Posted on 08 October 2015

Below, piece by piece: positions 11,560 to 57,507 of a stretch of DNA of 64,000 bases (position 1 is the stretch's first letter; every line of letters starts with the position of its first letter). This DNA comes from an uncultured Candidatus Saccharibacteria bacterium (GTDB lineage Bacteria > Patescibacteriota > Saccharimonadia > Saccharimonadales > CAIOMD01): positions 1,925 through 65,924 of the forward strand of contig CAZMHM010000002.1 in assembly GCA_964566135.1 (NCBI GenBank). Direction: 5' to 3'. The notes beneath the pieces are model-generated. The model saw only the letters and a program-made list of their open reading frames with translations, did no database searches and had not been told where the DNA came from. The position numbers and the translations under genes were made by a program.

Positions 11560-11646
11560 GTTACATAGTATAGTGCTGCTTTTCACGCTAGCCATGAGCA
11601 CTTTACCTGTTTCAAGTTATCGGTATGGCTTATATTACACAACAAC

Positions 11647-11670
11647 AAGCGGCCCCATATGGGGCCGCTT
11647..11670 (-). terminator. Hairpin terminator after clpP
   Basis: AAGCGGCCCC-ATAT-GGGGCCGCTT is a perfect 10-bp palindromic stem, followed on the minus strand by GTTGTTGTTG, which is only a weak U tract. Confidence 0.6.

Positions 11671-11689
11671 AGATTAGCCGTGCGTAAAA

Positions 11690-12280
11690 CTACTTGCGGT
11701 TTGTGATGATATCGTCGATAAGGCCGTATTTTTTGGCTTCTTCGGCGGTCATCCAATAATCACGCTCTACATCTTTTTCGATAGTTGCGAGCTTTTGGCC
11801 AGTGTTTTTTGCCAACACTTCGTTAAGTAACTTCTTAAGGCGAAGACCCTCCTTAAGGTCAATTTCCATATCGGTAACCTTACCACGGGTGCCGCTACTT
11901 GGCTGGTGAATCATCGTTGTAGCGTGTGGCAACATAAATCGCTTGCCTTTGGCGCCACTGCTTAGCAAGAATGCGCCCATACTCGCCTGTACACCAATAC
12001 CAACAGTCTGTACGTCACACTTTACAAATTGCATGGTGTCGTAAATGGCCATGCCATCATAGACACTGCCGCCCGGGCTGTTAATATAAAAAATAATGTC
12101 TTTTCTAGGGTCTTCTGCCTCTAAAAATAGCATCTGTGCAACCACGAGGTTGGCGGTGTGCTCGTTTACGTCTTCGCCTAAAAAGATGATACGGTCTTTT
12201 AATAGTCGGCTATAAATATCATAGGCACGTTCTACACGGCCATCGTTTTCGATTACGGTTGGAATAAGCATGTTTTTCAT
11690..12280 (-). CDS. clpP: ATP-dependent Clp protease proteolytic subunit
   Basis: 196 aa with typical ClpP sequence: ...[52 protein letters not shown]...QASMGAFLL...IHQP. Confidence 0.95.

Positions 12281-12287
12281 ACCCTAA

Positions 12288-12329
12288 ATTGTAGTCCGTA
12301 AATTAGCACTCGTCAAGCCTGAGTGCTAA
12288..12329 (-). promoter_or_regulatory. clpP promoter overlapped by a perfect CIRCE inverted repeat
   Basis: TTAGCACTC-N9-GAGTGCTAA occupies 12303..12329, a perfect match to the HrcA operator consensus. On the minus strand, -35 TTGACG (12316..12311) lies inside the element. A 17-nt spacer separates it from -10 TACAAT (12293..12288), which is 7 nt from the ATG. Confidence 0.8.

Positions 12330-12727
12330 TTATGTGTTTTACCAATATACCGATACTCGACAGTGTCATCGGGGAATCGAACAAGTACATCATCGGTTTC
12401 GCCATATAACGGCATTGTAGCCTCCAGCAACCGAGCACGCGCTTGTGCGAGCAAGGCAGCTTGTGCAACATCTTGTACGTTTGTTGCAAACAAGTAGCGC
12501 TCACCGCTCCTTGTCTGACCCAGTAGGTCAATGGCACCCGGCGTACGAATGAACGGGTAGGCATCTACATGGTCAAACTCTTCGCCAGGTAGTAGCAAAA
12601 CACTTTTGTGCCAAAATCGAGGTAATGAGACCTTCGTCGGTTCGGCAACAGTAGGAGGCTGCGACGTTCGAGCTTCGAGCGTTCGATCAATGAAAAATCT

It’s these quiet days that compress the soul and heavy the mind. It’s scary – like a detachment – as a humble, lonely observer. A bus horn blows, birds chirp, ducks quack, tires spin, wind muffles the distant chatter. A hispanic man with a blank ball cap naps in front of me – he’s curled up with some of his possessions in small black plastic bags. A dog shat – twice – each time in a different spot. I know the owner picked up the first, I want to say the second, but not positive. I got distracted thinking about people resting on grass where a dog once shat. What I presume is a homeless man sat not too far from the second area, propping next to him his “Wilson” – a rather dirty, orange, furry stuffed animal. Before that, a quirky individual, having quite possibly a mental “disorder” snuck a piss in the bush palms – his headphones hanging around his neck. I guess that’s how he prefers to listen from them on this sunny day in this sometimes shady park. He assumed what I figured might be the stance and the stream between his legs confirmed my intuition. I don’t think he was aware that I caught him not being very discreet at all – then again, it’s my guess he couldn’t care less. I don’t judge any of this though. It’s all just a clock that circles. Sometimes I’m the hour hand, sometimes the minute hand, other times I’m in the white space; most of the time, I’m just a number. All of the time however, in it one way or another – whether I or we all never realize it. A baby cries, sirens echo, text messages dry up, a man wears plaid shorts, high white socks with loafers and closes his trunk. People just come and go. I sit here. I’m stuck. Waiting for something to happen. This is usually when I’m impulsively responsible for something unfortunate happening to myself. I feel stomach sick and often lonely. Deep breath. A Mexican nanny pulls two white kids, a boy and a girl, in a red wagon, and speaks to them in spanish monotone. Everyone’s busy because they have to be here – we were raised and conditioned that way; otherwise we’d go crazy. Tell me about it. I saw somewhere it takes 365 days to cleanse the entire body or for it to restore itself; also apparently 21 days to “rewire” the brain positively by grateful thoughts each day. Those themselves are exciting thoughts. An attractive 20-something year old walks by on the sidewalk across the street – she’s walking and texting at the same time. I get distracted because that’s biological programming and oddly unavoidable. I sit with my legs straight out but crossed and my boxers uncomfortably cinch my nuts. Again, stuck. I will have to adjust, no one reason other than I’ve had enough of it, all the while before a man drives off with his elderly mom that he walked hand-in-hand, and separately before a foreign couple pays the meter before their toddler toddles off. The lady puts her Starbucks down on the ground to do it, then I drift in thought – I remember I’d like to invest in these self-balancing wheel-boards, but don’t think there’s one single company patent. I’m bored and need a fix and that’s my problem.

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